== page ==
Saturday, March 21, 2009

Not in my back yard!

They only want clean, "renewable" energy. Obama promised to "invest" in solar technology, and provide us "energy independence," whatever that is. Note that we don't have "food independence," "clothing independence," "software support independence," or, as the past months have demonstrated, "banking and finance independence." But for some reason it's important that we only use energy sources found within American borders. Er, unless they are gas, coal, and oil. We'll keep our own deposits of oil and gas locked up, buy more and more from abroad, and stop using coal--which provides about half of our electricity--altogether.

Well, at least we can all agree that generating electricity from the sun requires massive solar arrays, and they should be placed in a large, flat, sunny area. The Mojave Desert of southern California would seem to be ideal for this purpose--barren, off-limits to housing and commercial development and mining, and sunny and clear almost every day of the year. And yet there is one fly in the ointment, if by ointment you mean billions of your dollars being spread on the lithe, muscular back of favored special interests, and by fly you mean U.S. senator.

Dianne Feinstein (D., Crazy-Land) has deemed placing solar arrays in the Mojave "unacceptable," and has directed Interior Secretary Ken Salazar to suspend any further consideration of solar plans for the area. She believes the aesthetics of the desert will be spoiled by massive solar arrays stretching to the horizon in all directions.

Feinstein's spokesman Gil Duran said "There's plenty of room in America's deserts for the bold expansion of renewable energy projects." There sure is, Gil. After all, the Mojave Desert covers about 25,000 square miles. Current permit requests for building solar plants request the use of 500,000 acres of that land, or a bit over three percent. Surely three percent of the land can be set aside for what your supporters call "clean, renewable energy." Why not? Next you'll be telling us we can't put windmills off the Massachusetts coast because the wealthy family of a U.S. senator thinks the mills will spoil their views while sailing.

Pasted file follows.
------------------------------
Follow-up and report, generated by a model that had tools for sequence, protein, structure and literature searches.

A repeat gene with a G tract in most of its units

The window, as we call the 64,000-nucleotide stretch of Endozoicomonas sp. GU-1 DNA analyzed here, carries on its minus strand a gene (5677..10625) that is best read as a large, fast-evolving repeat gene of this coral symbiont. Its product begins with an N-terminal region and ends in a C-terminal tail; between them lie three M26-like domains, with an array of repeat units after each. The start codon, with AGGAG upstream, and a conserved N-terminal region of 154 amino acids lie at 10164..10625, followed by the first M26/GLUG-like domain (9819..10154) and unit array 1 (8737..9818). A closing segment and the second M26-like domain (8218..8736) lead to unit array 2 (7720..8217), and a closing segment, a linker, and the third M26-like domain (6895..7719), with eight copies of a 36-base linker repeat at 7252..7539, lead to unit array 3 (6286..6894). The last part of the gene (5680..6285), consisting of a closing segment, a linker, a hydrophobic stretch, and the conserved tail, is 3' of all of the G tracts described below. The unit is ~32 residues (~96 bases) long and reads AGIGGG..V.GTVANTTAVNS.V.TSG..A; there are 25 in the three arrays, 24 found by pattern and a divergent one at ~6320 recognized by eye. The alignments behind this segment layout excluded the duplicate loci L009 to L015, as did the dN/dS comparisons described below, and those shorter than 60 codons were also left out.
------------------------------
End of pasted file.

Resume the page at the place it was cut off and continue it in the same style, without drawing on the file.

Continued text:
Perhaps we can compromise, Dianne. You remember compromise--it's what you had to occasionally do before you had a filibuster-proof majority in the Senate, and could ram through legislation that most Senators hadn't even read. Instead of half a million acres, let's set aside five percent of that amount--25,000 acres. Choose sites reasonably near existing transmission lines, and you'll be all set to build facilities than can create millions of watts of clean, carbon-free electricity, and they'll do it 24 hours a day, 365 days a year.

Let's build some nuclear power plants, Dianne.

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